Think about being able to really feel how your aging parents are doing? How about being able to see, hear, and experience the emotions of an autistic child? How about actually feeling the slap of a high five with your friend who lives on the other side of the world, over a hologram?
And not just at play. Humans like to experience the same at their workplace. How about seeing and feeling the vibrations of the engine that you are trying to repair remotely? Or a doctor sensing a twisted arm of an injured player? Augmenting human beings to gain a much better understanding of each other and of our environment.
We need to recover these experiences by capturing transmitting and recovering physical, physiological and psychological human signals over digital distances.
Teams of researchers and engineers – including my research teams at Bell Labs – are working hard to get us closer to such reality. To a reality that goes beyond what is considered real, or possible, today. A reality that blurs the lines between physical and digital worlds, making them indistinguishable. Breakthroughs in capture technology will allow us to create life-like digital representations of objects and of people at the snap of our fingers, in easy and convenient ways.
These digital representations will then need a super high-performance, low latency network to transit and share such rich datasets, instantaneously. The good news is that is what end-to-end 5G networks are being built and defined to do.
New playback methods and devices then embed these digital representations into our physical world in a way that makes them indistinguishable from real objects. Today’s HoloLens and Magic Leap glasses are just the beginning, paving the way to new projection technologies that will provide ubiquitous mixed realities. These mixed realities will be assembled not only from visual and audible elements. Millions of sensors in our environment together with information obtained from wearables and even in-body bio sensors will provide a much deeper context and situational awareness to create the most helpful, most sensitive, and most privacy-preserving mixed realities.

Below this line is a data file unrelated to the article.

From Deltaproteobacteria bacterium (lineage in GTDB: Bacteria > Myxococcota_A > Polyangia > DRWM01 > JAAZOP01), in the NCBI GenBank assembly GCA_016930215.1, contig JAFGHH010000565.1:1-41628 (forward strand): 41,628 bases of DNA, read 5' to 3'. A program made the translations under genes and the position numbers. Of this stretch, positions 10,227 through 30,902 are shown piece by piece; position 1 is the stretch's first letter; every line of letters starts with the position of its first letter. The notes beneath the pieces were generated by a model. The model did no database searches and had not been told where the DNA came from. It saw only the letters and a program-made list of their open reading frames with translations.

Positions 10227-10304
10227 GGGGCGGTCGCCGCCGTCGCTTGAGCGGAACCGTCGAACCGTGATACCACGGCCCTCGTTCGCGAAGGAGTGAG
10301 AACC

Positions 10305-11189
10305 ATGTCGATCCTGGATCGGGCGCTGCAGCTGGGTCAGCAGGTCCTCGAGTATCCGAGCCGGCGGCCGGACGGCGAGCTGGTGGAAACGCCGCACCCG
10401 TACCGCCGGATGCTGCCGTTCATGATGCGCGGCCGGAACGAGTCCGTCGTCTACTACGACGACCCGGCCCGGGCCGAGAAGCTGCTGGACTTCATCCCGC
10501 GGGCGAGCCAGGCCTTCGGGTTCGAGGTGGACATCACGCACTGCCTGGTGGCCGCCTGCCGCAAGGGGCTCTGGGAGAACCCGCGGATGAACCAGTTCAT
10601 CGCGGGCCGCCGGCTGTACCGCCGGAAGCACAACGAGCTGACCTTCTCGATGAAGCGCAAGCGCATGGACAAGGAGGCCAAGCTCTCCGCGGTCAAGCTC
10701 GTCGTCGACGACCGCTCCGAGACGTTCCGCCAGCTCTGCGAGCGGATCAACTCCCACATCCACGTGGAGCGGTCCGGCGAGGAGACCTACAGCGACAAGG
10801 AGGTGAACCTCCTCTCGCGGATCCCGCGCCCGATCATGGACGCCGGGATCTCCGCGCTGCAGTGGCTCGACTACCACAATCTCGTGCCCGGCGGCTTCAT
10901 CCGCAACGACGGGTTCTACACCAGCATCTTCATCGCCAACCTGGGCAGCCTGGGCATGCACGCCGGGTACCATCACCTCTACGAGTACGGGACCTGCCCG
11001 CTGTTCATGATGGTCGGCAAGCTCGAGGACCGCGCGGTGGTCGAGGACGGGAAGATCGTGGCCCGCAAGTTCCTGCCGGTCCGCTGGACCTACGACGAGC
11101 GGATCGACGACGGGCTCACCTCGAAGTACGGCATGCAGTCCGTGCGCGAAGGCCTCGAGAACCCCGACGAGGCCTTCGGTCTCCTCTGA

A child or an elderly parent living far away, or in a remote location not feeling well today? Their life-like holographic representation on the sofa in your living room will make this obvious through appropriate facial expressions and a certain sadness in the tone of voice.
The operator of a vehicle on a road, or of a crane moving heavy materials at the construction zone getting tired? The system will recognize this instantaneously and prevent accidents by alerting the tired operator and taking appropriate actions.
So, what’s missing today?
We are getting close to creating this multiverse utopia!
New capture and playback devices are being worked on with novel devices and sensors. Low-latency, high bandwidth connectivity to millions of mobile devices with limited battery life are getting there with global rollout of 5G and IoT connectivity solutions. Edge cloud is beginning to be deployed to make ‘better than being there’ contextualized, personalized services a real possibility.
It is obvious we need AI/ ML to infer never-known-before situational awareness. This is where advanced analytics platforms and stream processing solutions become essential. Built on new approaches to software creation, execution, and management. Software will no longer run on a limited set of well-defined hardware platforms, under well-defined scenarios. Instead, software will instantaneously adapt to and execute on never-seen before devices and sensors that come and go at any point in time. This requires a fundamental re-design of how software is built with new AI/ML platforms and methods. We, at Nokia Bell Labs, are inventing just that.
We are creating a reality that goes far beyond what is considered real in today’s “small flat screen world”, to create a world as big as our human imaginations and expectations.
This article was published by Markus Hofmann.